Inheritance tax clearance

An executor instructs solicitors to obtain the grant of probate, which he does, and he also obtains iht clearance in IHT30. The executor deals with the actual estate administration.

5 months after obtaining clearance the executor receives a letter from the district valuer saying Hmrc are checking the value of a property given in the IHT400, and claiming it was too low, resulting in an extra £18,000 IHT and interest being demanded.

The executor is told by his valuer to accept the valuation, which he does, not realising the consequences of having previously been given clearance, which means no more IHT can be demanded in relation to the assets returned previously, simply on the basis of valuation.

We are writing to ask for a refund, and would be interested to hear if anyone else has had experience of similar circumstances, and whether HMRC gave a refund.

Whilst I have not had experience of a similar situation to my recollection, the IHT 30 at the foot of page 2 states: –

“This certificate is given under Inheritance Tax Act 1984 s239(2) or Finance Act 1975 sch.4 para.25 (2) or Finance Act 1894 s11(2) and does not itself constitute a determination of values of individual items for any other HM Revenue and Customs purpose. In particular, the issue of the certificate does not necessarily mean that values have been ‘ascertained’ or that values may be taken as market values for Capital Gains Tax within the provisions of section 274 and paragraph 9, schedule 11, Taxation of Chargeable Gains Act 1992. This certificate is not valid in certain circumstances, such as in the case of fraud or failure to disclose material facts or if further tax becomes payable as a result of an instrument of variation - see section 239 (4) Inheritance Tax Act 1984.”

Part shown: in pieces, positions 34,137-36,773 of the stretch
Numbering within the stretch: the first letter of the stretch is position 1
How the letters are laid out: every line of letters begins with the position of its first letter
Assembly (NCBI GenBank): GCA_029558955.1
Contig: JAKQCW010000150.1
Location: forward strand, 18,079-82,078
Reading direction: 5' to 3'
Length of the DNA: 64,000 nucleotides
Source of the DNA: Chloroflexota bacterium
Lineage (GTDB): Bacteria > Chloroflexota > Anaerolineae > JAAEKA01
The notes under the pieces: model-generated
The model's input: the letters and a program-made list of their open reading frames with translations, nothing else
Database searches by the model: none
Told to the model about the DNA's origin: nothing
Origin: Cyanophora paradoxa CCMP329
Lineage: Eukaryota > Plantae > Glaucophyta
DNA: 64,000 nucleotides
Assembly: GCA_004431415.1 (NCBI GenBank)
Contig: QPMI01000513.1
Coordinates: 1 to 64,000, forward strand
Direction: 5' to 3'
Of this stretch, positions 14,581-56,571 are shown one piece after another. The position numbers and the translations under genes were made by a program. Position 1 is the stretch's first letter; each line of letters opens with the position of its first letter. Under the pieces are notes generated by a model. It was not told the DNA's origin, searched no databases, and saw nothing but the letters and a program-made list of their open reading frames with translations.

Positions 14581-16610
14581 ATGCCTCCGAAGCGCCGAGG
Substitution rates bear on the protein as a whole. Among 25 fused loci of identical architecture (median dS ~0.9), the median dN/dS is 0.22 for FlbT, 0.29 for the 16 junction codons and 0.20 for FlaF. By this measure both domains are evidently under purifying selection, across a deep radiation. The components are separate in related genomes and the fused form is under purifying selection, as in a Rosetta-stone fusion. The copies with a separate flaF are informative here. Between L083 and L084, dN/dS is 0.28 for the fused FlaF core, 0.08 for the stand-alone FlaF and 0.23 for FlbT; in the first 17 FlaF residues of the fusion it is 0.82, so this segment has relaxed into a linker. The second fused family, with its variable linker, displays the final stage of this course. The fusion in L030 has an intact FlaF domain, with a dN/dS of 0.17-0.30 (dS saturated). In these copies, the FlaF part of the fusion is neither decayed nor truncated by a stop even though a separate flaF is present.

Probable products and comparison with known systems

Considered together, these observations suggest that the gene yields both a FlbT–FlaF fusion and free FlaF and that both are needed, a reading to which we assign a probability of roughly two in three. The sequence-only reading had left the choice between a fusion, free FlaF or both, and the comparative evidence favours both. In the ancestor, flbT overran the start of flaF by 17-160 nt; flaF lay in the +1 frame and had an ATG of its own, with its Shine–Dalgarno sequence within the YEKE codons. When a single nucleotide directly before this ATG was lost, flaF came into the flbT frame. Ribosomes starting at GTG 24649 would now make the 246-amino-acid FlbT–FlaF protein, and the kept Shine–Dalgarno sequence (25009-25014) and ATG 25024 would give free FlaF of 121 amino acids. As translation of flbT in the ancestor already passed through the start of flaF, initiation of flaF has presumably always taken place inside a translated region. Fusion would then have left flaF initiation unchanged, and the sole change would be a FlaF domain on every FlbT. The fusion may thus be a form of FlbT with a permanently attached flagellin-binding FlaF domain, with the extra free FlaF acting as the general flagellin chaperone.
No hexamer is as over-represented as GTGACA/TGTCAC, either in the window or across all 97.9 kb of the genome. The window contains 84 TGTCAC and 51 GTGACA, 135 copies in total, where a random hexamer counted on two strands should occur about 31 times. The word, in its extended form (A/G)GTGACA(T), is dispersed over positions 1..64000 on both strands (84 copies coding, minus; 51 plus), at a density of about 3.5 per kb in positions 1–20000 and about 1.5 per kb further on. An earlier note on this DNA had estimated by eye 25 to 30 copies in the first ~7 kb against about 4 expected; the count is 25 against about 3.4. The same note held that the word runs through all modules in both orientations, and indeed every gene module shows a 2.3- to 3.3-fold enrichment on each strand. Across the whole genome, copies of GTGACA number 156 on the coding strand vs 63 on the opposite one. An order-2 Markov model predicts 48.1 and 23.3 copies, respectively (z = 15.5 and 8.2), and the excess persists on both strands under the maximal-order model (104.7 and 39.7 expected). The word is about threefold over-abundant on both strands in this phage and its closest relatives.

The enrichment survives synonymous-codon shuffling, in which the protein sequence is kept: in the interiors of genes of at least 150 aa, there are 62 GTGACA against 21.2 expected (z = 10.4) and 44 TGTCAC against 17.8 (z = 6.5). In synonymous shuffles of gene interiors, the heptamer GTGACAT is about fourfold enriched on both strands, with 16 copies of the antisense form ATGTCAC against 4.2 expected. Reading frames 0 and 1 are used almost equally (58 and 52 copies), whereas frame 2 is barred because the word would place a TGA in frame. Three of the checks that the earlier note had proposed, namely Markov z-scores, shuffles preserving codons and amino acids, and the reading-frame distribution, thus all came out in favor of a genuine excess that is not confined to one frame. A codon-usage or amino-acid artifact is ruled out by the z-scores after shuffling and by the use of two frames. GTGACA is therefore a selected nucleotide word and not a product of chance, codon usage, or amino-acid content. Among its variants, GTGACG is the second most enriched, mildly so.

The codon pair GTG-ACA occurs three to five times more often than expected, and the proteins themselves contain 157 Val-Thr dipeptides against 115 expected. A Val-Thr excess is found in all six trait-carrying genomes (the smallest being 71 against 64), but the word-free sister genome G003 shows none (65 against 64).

In my view therefore HMRC cannot claim any further inheritance tax and should repay any overpaid tax. However getting a repayment of tax from HMRC is a different issue. I am still waiting for a refund which I have mentioned on this forum sometime ago and which HMRC acknowledges was incorrectly assessed by them. It was paid in my absence but I would’ve paid it in any case as I wanted to get the IHT421 to get the grant of probate. Best of luck therefore.

Patrick Moroney